The high frequency of myocardial texture changes detected in SSc patients is particularly significant if compared with that recorded in other disorders,20-25 in which comparable changes, but to a lesser degree, were found.
In normal subjects a cardiac cycle dependent variation in ultrasound signals within the myocardium was detectable: maximum values occurred at end diastole, minimal values at end systole.39 40These cyclic changes could be related to intrinsic contractile function,41-43 distinct from myocardial wall thickening, although the physiological basis of this index is not fully understood and it is almost certainly multifactorial.44 For the first time we applied the videodensitometric approach to study the health of SSc patients.20-25
The significantly lower values of CVI are essentially because of the abnormal increase of the mean gray level at the end systole, than in controls; the reduction of CVI could mainly be related to scleroderma myocardial fibrosis, which causes an increase in acoustic impedance. This finding is mirrored by the high percentage of patients with myocardial fibrosis, the hallmark of scleroderma heart involvement, detected in necropsy studies.8-11 More interestingly, the results of this study further support the demonstration of myocardial fibrosis at necropsy and contraction band necrosis even in patients without clinical evidence of myocardial dysfunction.10 This latter condition was indirectly confirmed in our patients by the lack of correlation between myocardial changes and patients’ age and disease duration as well as other prognostically relevant clinicoserological manifestations—that is, skin sclerosis extent, capillaroscopic changes, lung involvement, and serum anti-Scl-70 antibody. In the light of this, it could be supposed that primary myocardial involvement in SSc patients represents a precocious event, characterised clinically by infrequent evolution to overt heart failure and more frequently by conduction system abnormalities, autonomic cardiac neuropathy, and often severe, life threatening arrhythmias.2-4 8 45 46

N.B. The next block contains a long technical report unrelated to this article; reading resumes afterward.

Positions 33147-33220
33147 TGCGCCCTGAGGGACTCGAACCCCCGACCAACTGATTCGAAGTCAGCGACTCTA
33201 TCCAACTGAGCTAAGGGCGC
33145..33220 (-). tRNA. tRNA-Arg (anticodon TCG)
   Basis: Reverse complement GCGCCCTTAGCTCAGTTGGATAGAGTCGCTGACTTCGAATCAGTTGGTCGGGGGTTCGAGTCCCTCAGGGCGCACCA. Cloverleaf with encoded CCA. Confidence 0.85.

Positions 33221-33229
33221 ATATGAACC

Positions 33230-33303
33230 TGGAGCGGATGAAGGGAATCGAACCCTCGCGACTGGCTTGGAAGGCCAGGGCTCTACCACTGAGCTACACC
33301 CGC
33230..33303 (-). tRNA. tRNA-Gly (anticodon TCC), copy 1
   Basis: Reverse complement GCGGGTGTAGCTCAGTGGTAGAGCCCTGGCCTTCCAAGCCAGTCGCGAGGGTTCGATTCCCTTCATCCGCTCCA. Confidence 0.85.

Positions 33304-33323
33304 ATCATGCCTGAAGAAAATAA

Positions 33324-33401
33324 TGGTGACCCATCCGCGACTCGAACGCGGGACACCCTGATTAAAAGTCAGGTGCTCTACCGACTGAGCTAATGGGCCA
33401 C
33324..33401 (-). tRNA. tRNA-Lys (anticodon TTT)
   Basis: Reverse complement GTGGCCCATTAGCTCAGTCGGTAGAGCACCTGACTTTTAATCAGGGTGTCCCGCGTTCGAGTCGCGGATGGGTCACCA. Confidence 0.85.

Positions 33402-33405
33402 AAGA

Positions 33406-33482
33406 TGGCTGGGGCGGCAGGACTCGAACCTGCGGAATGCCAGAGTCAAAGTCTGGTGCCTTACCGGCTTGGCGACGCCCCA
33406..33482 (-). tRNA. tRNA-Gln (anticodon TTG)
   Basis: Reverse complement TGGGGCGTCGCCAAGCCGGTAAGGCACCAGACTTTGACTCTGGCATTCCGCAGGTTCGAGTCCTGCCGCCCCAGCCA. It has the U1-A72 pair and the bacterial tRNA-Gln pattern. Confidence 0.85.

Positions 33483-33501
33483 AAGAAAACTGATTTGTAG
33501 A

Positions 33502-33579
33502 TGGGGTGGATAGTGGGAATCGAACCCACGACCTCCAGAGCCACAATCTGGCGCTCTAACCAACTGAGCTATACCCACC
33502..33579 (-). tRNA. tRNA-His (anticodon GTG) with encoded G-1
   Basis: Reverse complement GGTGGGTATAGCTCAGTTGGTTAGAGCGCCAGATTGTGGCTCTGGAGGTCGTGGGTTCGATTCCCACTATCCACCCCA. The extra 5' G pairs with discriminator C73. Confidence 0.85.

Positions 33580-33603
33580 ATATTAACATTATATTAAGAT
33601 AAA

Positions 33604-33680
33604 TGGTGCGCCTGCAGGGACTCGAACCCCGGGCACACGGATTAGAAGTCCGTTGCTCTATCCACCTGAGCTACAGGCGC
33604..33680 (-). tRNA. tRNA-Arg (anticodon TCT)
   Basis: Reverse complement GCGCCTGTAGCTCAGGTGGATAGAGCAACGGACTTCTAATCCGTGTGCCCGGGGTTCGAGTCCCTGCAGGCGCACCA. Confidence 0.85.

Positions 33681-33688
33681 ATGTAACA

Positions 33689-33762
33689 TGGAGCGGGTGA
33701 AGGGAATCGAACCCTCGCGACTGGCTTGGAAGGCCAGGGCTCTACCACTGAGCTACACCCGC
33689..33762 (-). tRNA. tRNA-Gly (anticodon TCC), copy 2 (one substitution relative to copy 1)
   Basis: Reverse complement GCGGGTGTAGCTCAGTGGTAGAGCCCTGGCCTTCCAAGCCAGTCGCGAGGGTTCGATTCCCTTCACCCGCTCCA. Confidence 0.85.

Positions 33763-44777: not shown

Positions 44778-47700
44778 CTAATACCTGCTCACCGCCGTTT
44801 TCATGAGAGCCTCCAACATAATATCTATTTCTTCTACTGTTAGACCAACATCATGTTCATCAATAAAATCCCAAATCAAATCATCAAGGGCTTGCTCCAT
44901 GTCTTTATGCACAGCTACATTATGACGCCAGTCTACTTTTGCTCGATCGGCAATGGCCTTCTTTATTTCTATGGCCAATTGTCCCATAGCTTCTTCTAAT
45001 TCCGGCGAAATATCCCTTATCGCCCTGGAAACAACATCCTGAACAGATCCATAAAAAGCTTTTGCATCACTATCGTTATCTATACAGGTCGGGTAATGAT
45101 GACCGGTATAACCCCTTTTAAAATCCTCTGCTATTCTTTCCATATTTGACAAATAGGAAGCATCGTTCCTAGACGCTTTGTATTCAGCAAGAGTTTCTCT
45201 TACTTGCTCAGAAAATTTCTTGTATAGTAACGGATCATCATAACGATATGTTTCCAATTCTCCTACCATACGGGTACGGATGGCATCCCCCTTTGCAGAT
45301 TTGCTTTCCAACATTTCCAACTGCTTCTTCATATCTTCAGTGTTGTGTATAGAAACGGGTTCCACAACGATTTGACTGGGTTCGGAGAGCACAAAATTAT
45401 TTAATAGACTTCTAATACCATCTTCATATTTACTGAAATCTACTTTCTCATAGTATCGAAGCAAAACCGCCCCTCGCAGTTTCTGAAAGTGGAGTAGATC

In conclusion, videodensitometry represents a non-invasive, feasible ultrasound tissue characterisation method, able to early detect myocardial changes in SSc patients. The physiological and clinicoprognostic relevance of ultrasonic myocardial abnormalities in scleroderma patients needs to be further evaluated by prospective clinicopathological studies. In this respect, the patient with rather marked videodensitometric changes who died during the follow up suggests a potential prognostic relevance of such myocardial changes. Moreover, the analysis of scleroderma heart disease, mainly at a preclinical level, can give us new insights in the important field of primary cardiomyopaties.